European mortgage lenders seeking diversified capital market funding will increasingly turn to whole loan sales as an alternative to securitization, which, like in the U.S., is likely to lead to even higher levels of residential mortgage loan securitizations in Europe, said a Standard & Poor's report.
"From a buyer's perspective, whole-loan products can help banks maintain asset/liability management flexibility because these products do not have to be marked-to-market," said the S&P report. "The new IAS 39 rule could spark a similar boost to the whole loan sales market in Europe, as originators will be required to recognize securitized assets on their balance sheets in certain circumstances, although it should be noted that the new rule is by no means considered to seriously curtail securitization in Europe."
Analysts said that a vigorous whole loan markets is likely to generate higher levels of European RMBS. "In a whole loan sale, an originator will sell a pool of loans directly to another institution, rather than securitizing the mortgages by issuing RMBS," explained the report. "On the other side of the sale, an investment bank might pay an originator face value plus a premium for this pool, which it then either holds itself, or securitizes."
Mortgage originators are the key players looking to sell loans in this growing market. The market offers originators an immediate cash line as opposed to the time it takes to structure a securitization. Originators sell risk and ownership transfer of mortgages for a price greater than face value. Buyers pay this premium and turn to the capital markets to earn a return. "Investment banks have established origination teams and built up a franchise and an expertise in this area by structuring the mortgage banks' own securitizations and it is now possible for investment banks to own these loans, where they can further benefit from sophisticated restructuring and repackaging," said S&P analysts.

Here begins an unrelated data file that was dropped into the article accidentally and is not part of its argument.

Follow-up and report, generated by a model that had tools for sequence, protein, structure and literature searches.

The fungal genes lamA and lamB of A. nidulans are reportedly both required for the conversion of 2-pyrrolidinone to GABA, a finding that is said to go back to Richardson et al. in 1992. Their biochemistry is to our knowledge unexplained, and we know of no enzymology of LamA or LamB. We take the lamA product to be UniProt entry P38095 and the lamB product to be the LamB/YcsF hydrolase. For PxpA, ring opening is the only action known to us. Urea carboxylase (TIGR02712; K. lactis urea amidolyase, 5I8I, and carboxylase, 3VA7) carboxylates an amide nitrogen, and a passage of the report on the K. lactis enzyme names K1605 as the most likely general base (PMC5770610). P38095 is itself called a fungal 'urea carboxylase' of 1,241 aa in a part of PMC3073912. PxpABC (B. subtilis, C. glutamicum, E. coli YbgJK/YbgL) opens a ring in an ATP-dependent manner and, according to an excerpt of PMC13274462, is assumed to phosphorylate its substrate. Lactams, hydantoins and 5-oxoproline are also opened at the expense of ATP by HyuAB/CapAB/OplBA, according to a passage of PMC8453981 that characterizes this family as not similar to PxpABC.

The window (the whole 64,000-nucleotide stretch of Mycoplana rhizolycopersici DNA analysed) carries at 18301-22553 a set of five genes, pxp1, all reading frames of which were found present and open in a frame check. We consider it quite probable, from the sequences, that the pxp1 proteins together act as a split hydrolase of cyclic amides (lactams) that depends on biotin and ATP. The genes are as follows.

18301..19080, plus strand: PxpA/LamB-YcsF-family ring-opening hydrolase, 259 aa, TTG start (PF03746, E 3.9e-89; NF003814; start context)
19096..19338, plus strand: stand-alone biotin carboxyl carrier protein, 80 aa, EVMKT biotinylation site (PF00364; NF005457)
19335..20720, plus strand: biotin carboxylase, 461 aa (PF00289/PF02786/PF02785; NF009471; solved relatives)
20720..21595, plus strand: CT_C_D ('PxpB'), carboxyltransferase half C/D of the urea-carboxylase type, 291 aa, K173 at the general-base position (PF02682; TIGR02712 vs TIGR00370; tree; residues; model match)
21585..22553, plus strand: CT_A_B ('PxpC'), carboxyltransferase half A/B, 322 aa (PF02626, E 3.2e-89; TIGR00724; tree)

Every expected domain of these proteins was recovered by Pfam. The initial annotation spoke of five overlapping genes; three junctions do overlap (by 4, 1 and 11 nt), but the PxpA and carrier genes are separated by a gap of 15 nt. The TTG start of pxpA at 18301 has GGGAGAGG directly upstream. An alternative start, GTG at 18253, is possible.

The U.K. has been at the forefront of both RMBS and whole loan sales. The U.K. RMBS market, which quadrupled to GBP82.2 billion ($149.9 billion) over the five-year period ending at the start of 2005, has already posted GBP27 billion of deals from January through May, according to S&P. GMAC-RFC, the 12th largest mortgage lender in the U.K., has been an active seller of home loans since 2000. In 2004, GMAC sold GBP2.6 billion of mortgage loans to other lenders via the whole loan sales market. According to S&P, between January 2000 and February 2005, GMAC sold GBP570 million of debt to Amber Homeloans. S&P said that some small and midsize building societies in the U.K. have sought to purchase portfolios of these loans in an attempt to increase their assets under management and build their market share or create cross-selling opportunities. Analysts estimate that sales per year have reached between GBP10 billion to GBP20 billion in the U.K.
S&P said whole loan sales growth in Italy, Germany and the Netherlands is likely to speed up. The Dutch market - where insurance companies are the key sellers - is already one of the most advanced. In Italy, plans to create trading platforms in Italian mortgages are in the works. In Germany, where nonperforming loans have in recent years dominated portfolio sales, whole loan sales activity is expected to increase through U.S. market players seeking arbitrage opportunities and higher market share in the country.
"The whole loan sales market is firmly established in the U.S., and signs of growth have recently emerged in Europe, though there are some challenges to be addressed before this market can take hold here as it has on the other side of the Atlantic," reported S&P analysts. "In Europe, data availability is more variable and credit scoring systems are far from the standard, established scoring system that exists in the U.S."
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